- Adapt to new environments
- High energy level / enthusiasm
- Appreciation of diversity
- Tolerance / open mindedness
- Learn through listening and observing
Adapted from Tips for Creating a Global Resume or CV by Mary Anne Thompson and Preparing a Curriculum Vitae: Proven Success Strategies by Randall S. Hansen, Ph.D.
Find out what is appropriate vis-a-vis the corporate culture, the country culture, and the culture of the person making the hiring decision. The challenge will be to incorporate several different cultures into one document.
Typical vita categories or headings may include some or all of the following:
- Personal/Contact Information
- Phone number(s)
- Marital status, age, health?
- Academic Background
- Postgraduate work
- Graduate work/degree(s), major/minors, thesis/dissertation titles, honors
- Undergraduate degree(s), majors/minors, honors
- Professional Licenses/Certifications
- Academic/Teaching Experience
- Courses taught, courses introduced
- Innovation in teaching
- Teaching evaluations
- Technical and Specialized Skills
- Related/ Experience
- Professional/Academic Honors and Awards
- Professional Development
- Conferences/workshops attended, other activities
- Research/Scholarly Activities
- Conference proceedings
- Academic/Research Interests
- Foreign Language Abilities/Skills
- Volunteer Work
Some general advice:
- A CV is typically a lengthier version of a resume
- Whereas personal information such as, marital status, age, and health are never put on an American resume, it is not unusual for employers from other countries to want and expect this information. They want to know more about you than just your job-related skills
- Do not attach photographs to resumes in the United States; the employer will dispose of it. In many other countries, it is standard procedure to attach a photo or have your photo printed on your CV.
- Some countries require original copies of transcripts and references to be attached to your application.
- Education requirements differ from country to country. In almost every case of "cross-border" job hunting, stating the title of your degree will not be an adequate description. The reader might not have a clear understanding of what you studied or for how many years (i.e., in some countries, a university degree can be obtained in three years and in other countries it takes five years to receive a degree).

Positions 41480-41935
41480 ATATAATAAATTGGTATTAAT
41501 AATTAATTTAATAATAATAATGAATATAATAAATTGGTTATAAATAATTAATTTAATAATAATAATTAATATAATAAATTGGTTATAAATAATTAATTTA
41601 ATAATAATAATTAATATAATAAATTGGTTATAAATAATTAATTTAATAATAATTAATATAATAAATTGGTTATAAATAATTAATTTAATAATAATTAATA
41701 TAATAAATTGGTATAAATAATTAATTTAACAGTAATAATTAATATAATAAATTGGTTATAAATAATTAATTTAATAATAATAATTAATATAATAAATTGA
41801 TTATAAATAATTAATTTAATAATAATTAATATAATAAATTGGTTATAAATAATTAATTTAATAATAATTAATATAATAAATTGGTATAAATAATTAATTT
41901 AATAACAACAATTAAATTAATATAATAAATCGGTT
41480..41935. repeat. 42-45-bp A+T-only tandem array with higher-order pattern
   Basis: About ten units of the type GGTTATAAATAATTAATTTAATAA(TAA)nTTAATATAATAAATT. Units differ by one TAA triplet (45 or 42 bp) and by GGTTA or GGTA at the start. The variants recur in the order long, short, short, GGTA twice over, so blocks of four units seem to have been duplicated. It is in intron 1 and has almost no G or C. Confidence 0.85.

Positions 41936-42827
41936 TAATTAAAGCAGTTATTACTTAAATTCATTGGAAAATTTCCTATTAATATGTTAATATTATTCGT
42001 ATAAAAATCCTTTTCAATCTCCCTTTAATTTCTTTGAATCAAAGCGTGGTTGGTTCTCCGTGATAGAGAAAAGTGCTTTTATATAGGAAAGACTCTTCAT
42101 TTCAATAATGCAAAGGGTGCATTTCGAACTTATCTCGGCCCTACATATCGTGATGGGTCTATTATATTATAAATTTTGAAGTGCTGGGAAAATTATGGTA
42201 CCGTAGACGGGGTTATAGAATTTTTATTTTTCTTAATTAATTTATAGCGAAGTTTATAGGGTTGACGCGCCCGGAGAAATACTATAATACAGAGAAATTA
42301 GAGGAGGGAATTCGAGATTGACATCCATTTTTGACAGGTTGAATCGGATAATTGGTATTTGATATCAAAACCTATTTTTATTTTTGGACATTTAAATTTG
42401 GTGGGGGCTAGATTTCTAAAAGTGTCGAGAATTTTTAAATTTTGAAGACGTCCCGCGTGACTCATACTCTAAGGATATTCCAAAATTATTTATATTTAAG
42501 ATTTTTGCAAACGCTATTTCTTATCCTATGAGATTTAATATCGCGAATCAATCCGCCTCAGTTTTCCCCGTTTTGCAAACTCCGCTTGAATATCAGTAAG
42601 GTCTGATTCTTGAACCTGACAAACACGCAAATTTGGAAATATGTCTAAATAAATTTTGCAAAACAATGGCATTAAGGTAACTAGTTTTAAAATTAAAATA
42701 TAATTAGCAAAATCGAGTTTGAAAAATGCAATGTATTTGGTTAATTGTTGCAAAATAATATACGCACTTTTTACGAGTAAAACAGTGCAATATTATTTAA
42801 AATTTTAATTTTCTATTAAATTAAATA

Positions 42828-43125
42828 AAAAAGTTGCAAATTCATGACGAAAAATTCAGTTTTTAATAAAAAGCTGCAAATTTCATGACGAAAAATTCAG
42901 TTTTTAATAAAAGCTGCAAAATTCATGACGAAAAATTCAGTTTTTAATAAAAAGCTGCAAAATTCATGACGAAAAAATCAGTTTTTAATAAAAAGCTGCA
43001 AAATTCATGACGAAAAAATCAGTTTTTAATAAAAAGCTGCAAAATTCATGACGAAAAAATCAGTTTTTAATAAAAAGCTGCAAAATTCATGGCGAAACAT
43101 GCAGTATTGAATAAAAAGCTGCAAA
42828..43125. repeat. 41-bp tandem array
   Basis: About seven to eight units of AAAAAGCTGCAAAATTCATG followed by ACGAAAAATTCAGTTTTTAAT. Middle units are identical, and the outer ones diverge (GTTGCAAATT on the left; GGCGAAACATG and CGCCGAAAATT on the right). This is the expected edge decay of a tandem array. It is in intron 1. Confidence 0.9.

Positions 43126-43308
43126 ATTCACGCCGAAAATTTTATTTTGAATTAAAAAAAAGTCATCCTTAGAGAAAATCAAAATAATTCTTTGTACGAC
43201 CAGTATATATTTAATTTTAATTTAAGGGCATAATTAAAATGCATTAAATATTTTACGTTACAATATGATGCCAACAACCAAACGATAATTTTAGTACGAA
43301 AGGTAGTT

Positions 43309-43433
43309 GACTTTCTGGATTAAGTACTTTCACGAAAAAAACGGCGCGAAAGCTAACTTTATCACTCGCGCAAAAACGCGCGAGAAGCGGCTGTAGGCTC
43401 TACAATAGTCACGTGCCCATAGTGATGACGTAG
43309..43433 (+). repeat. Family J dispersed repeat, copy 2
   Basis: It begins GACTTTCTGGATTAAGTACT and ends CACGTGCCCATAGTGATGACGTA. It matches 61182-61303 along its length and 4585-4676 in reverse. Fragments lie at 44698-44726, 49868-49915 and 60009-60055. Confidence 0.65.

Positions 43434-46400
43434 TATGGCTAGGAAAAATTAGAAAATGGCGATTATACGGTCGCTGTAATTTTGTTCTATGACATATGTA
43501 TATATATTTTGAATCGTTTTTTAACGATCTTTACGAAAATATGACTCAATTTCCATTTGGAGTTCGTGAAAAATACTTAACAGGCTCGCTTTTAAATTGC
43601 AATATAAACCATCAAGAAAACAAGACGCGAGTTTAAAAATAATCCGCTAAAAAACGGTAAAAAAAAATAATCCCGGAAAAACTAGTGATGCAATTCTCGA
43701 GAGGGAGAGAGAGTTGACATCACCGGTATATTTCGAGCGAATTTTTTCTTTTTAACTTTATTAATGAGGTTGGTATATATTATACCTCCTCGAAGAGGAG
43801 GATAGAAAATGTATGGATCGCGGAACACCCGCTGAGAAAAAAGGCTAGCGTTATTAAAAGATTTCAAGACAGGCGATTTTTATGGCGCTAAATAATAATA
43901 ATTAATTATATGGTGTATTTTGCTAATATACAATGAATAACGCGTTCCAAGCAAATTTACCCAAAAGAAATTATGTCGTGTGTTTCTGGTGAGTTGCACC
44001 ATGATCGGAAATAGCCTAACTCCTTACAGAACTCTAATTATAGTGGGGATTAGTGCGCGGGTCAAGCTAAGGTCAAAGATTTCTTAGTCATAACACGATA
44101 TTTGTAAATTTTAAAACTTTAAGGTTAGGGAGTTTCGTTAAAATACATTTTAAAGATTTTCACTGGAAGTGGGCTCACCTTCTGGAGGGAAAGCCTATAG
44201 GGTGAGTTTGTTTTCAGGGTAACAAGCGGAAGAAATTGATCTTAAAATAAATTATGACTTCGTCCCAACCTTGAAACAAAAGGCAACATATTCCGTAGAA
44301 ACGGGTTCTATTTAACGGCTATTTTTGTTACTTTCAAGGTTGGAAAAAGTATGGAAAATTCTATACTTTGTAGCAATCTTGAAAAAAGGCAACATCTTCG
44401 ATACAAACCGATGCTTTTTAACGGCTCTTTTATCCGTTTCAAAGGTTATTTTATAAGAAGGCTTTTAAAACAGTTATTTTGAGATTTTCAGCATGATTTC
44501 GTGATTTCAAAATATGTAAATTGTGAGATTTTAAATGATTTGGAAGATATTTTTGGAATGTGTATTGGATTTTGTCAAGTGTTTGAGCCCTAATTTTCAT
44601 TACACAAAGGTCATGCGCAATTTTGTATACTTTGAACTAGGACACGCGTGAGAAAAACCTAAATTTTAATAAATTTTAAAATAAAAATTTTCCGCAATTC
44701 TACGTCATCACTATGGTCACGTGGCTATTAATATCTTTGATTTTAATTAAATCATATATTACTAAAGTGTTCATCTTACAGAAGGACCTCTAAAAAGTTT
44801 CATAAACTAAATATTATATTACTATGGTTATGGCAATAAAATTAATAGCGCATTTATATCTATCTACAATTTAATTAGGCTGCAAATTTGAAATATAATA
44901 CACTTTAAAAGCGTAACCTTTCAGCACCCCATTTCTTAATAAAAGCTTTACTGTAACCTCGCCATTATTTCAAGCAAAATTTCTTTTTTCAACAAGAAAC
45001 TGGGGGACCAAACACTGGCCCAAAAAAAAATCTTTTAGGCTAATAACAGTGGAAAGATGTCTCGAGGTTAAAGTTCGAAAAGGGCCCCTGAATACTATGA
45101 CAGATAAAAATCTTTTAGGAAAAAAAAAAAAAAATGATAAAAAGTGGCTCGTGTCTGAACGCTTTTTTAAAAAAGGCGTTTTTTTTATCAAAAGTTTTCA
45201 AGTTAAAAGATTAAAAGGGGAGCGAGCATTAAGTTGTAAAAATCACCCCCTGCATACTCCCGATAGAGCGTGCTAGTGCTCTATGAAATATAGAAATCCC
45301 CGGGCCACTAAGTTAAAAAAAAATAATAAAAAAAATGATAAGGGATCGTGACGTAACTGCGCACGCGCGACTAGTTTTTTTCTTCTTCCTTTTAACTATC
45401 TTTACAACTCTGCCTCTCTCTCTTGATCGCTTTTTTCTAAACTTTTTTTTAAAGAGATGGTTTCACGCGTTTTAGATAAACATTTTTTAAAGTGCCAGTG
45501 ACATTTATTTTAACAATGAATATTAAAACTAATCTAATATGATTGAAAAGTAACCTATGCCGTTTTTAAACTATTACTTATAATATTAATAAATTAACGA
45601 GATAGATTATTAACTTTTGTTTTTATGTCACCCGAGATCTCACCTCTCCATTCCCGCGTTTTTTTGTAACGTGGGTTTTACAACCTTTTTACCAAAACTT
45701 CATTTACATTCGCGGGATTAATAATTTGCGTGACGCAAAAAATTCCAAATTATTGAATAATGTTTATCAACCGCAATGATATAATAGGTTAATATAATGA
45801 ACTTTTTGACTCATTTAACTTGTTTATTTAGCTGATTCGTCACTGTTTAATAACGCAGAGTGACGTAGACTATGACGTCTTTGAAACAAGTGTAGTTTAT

- If you find no specific guidelines, the general preference is that a resume/CV be written in a reverse-chronological format.
- The level of computer technology and accessibility to the Internet varies country to country. Even if a company or individual lists an e-mail address, there is no guarantee that they actually receive your e-mail. Send a hard copy of your resume/CV via "snail mail" just to make sure that it is received.
- The safest way to ensure that your resume is "culturally correct" is to review as many examples as possible. Ask the employer or recruiter for examples of resumes that they thought were particularly good.
- If you are submitting your resume in English, find out if the recipient uses "British" English or "American" English. There are variations between the two versions. A reader who is unfamiliar with the variations may presume that your resume contains typos. Most European companies use "British" English though most United States companies-no matter where they are based in the world-use "American" English.
- Most multinational companies will expect you to speak the languages of their country and English, which is widely accepted today as being the universal language of business. Have your resume/CV drafted in both languages and be prepared for your interview to be conducted in both languages. Most companies want to "see" and "hear" actual proof of your language skills.